And this brings me to the films of Robert Bresson, which almost always conclude with some kind of deus ex machina. Or rather, the ending invokes divine intervention without dramatising it explicitly, as in The Trial of Joan of Arc, excerpted above. God does not actually appear; the contradiction is not actually resolved. It is up to the viewer to complete the story by making the requisite leap of faith (or not, according to one's personal beliefs). In Bresson’s earlier films, this invocation is presented as, generally, successful. Whether or not we choose to believe in it, the protagonists of his films experience that transformation as real. This is, as I understand it, the meaning of the empty stake revealed as the smoke clears in the clip above, which recalls – the comparison would be anathema to Bresson, but is irresistible precisely because of that – the empty cloak of the slain Obi-Wan Kenobi in Star Wars.
This is a kind of negative theology. God is not a presence in Bresson’s films. He does not appear as a character, wheeled in from above, and therefore inevitably trivialised. He is instead manifest by His absence. He is arbitrary in cinematic terms as well as in narrative terms: that is, he is a non-diegetic effect, and as such, is associated with similarly non-diegetic cinematic effects, notably music, which in Bresson is often confined to the climax of the film.
This sounds like a radical Augustinian, Protestant theology, and Bresson’s background was Catholic, but perhaps of a Jansenist persuasion: that is, from a group within Catholicism that emphasised the unmotivated nature of divine grace, and the consequent inability of man to ever earn it. This allies him with Pascal, among others, for whom divine grace can never be an effect with a human (or a scientific) cause, and thus divine intervention can never be necessary in narrative terms.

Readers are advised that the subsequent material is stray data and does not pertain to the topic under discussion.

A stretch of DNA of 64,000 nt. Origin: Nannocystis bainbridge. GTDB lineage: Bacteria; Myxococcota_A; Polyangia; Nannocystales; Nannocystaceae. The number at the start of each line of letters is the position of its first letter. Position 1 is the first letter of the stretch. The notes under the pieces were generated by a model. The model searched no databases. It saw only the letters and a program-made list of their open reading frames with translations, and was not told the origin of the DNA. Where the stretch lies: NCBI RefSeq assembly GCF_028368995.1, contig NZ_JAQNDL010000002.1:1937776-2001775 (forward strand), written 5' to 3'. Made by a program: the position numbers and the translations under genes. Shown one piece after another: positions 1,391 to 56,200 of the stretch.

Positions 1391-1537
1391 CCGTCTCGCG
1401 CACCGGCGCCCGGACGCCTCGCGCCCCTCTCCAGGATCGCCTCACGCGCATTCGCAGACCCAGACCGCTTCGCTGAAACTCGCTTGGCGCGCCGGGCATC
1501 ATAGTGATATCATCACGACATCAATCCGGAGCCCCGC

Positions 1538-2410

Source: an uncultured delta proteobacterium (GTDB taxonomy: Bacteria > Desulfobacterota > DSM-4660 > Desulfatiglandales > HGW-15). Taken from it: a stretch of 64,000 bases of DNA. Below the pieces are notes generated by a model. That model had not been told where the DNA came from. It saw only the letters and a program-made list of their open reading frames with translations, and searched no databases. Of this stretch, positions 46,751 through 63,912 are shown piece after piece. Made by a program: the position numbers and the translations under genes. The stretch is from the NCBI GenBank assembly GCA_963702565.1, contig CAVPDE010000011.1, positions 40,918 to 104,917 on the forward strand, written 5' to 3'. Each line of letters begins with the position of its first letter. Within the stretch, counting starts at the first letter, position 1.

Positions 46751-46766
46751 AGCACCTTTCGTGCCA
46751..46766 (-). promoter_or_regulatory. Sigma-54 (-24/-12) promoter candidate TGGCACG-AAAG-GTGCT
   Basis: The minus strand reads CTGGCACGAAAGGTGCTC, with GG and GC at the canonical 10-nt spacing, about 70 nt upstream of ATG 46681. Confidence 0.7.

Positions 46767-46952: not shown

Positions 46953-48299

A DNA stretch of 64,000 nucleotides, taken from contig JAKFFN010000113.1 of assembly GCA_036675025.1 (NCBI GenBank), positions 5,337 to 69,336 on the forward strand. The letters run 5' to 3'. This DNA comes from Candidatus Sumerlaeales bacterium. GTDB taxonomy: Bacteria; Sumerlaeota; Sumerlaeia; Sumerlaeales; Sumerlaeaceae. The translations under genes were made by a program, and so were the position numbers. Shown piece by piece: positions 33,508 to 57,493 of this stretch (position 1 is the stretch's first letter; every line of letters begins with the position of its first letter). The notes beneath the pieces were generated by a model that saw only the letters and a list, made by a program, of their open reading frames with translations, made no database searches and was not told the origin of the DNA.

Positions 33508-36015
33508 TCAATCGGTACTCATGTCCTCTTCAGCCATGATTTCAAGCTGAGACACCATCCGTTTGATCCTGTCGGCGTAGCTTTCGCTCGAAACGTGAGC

In Bresson’s later films, this negative theology is taken to its pessimistic conclusion. These films are about failed attempts to invoke transcendence, most obviously in Lancelot du Lac, which begins with the return of Arthur’s knights from their unsuccessful quest for the Holy Grail. Here the Grail is, like the ritual of communion (itself, in Catholic theology, a miraculous, inexplicable transformation), a kind of metonymic substitute for the Body of Christ, and thus a symbol of divine immanence. But in the world of Lancelot du Lac, as in Bresson’s subsequent films, the divine presence is always out of reach.
Wednesday, August 4, 2010
Above is the audio file of my recent interview on 'The Comic Spot', with John Retallick and Jo Waite, broadcast on 15 July 2010, on 3CR Radio in Melbourne. I have edited the clip so that it only includes my interview, but the full show is available to download from the podcast archive.